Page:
As previously reported (IJC Heart & Vasculature 2017; 17: 11.), our epidemiological analysis showing high incidence of cancers in patients with atherosclerotic cardiovascular diseases as compared with those with non-atherosclerotic cardiovascular diseases may imply a clinical possibility of a role of atherosclerosis in cancer developments. In the present study, to address our hypothesis that cancer developments may come with a strength of atherosclerosis, we traced an incidence of cancers in a total of 8,856 patients with coronary artery diseases (CAD) for a median follow-up of 1,095 days (interquartile range, 719-1,469 days) using the Sakakibara Health Integrative Profile (SHIP) database.
The Distal Radial Access (DRA) to the coronaries has emerged recently. It's done via the distal radial artery in the radial fossa, which is known as the snuff-box. The rationale of conducting this research is to assess this new access advantages and disadvantages, in comparison with the standard conventional forearm radial access and examine if it's worthy to be a future alternative method for coronary angiography. It aims to randomly compare between the new distal radial access via the snuffbox and the conventional forearm radial access for percutaneous coronary angiography and angioplasty procedures. The objectives of comparing both procedures are to analyze the frequency of complications in terms of occlusion, arterial spasm, hematoma, and to weigh accesses effectiveness in terms of time and attempts to puncture, crossover rate, procedure duration, hemostasis time, and convenience of the patients and operators. Candidates for coronary angiography are being randomized into the interventional group to undergo the angiography through the distal radial artery as the access site, or the control group accessing through the radial artery in the forearm. Procedural and post procedural outcomes and complications are being reported while patients are in hospital. All patients undergo doppler ultrasonography within 24 hours after the procedure.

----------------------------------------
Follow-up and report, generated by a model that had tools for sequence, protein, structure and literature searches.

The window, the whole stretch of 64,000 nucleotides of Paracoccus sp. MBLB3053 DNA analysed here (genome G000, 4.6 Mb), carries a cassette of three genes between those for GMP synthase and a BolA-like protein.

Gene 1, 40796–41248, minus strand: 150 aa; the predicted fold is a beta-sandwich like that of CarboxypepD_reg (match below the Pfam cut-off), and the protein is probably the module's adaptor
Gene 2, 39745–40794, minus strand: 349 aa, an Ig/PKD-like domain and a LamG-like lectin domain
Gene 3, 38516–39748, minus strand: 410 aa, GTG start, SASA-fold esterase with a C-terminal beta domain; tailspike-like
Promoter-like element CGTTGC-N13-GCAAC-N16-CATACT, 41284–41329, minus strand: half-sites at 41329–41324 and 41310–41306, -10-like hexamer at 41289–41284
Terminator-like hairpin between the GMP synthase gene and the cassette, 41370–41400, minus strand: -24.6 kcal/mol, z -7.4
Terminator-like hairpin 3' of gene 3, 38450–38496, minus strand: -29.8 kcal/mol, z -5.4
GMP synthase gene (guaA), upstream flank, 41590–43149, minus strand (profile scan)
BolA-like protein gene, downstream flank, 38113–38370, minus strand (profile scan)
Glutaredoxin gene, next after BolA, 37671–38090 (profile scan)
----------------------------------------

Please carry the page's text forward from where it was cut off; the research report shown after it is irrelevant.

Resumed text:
Apply CT angiography, CT perfusion imaging and advanced image processing techniques to improve revascularization decision-making and surgical strategies in patients undergoing coronary artery bypass graft surgery.
• The aim of the VIP study is to investigate the impact of vulnerability markers (inflammatory serum biomarkers for systemic vulnerability, coronary shear stress and vulnerability mapping for pancoronary vulnerability, and imaging-based plaque features for systemic vulnerability) on the rate of major adverse cardiovascular events caused by progression of the non-culprit lesion in patients with acute ST or non-ST segment elevation myocardial infarction who undergo revascularization of the culprit lesion during the acute event. Furthermore, the study will evaluate the rate of progression of non-culprit lesions towards a higher degree of vulnerability, based on coronary computed tomography angiographic assessment at 1 year after enrollment.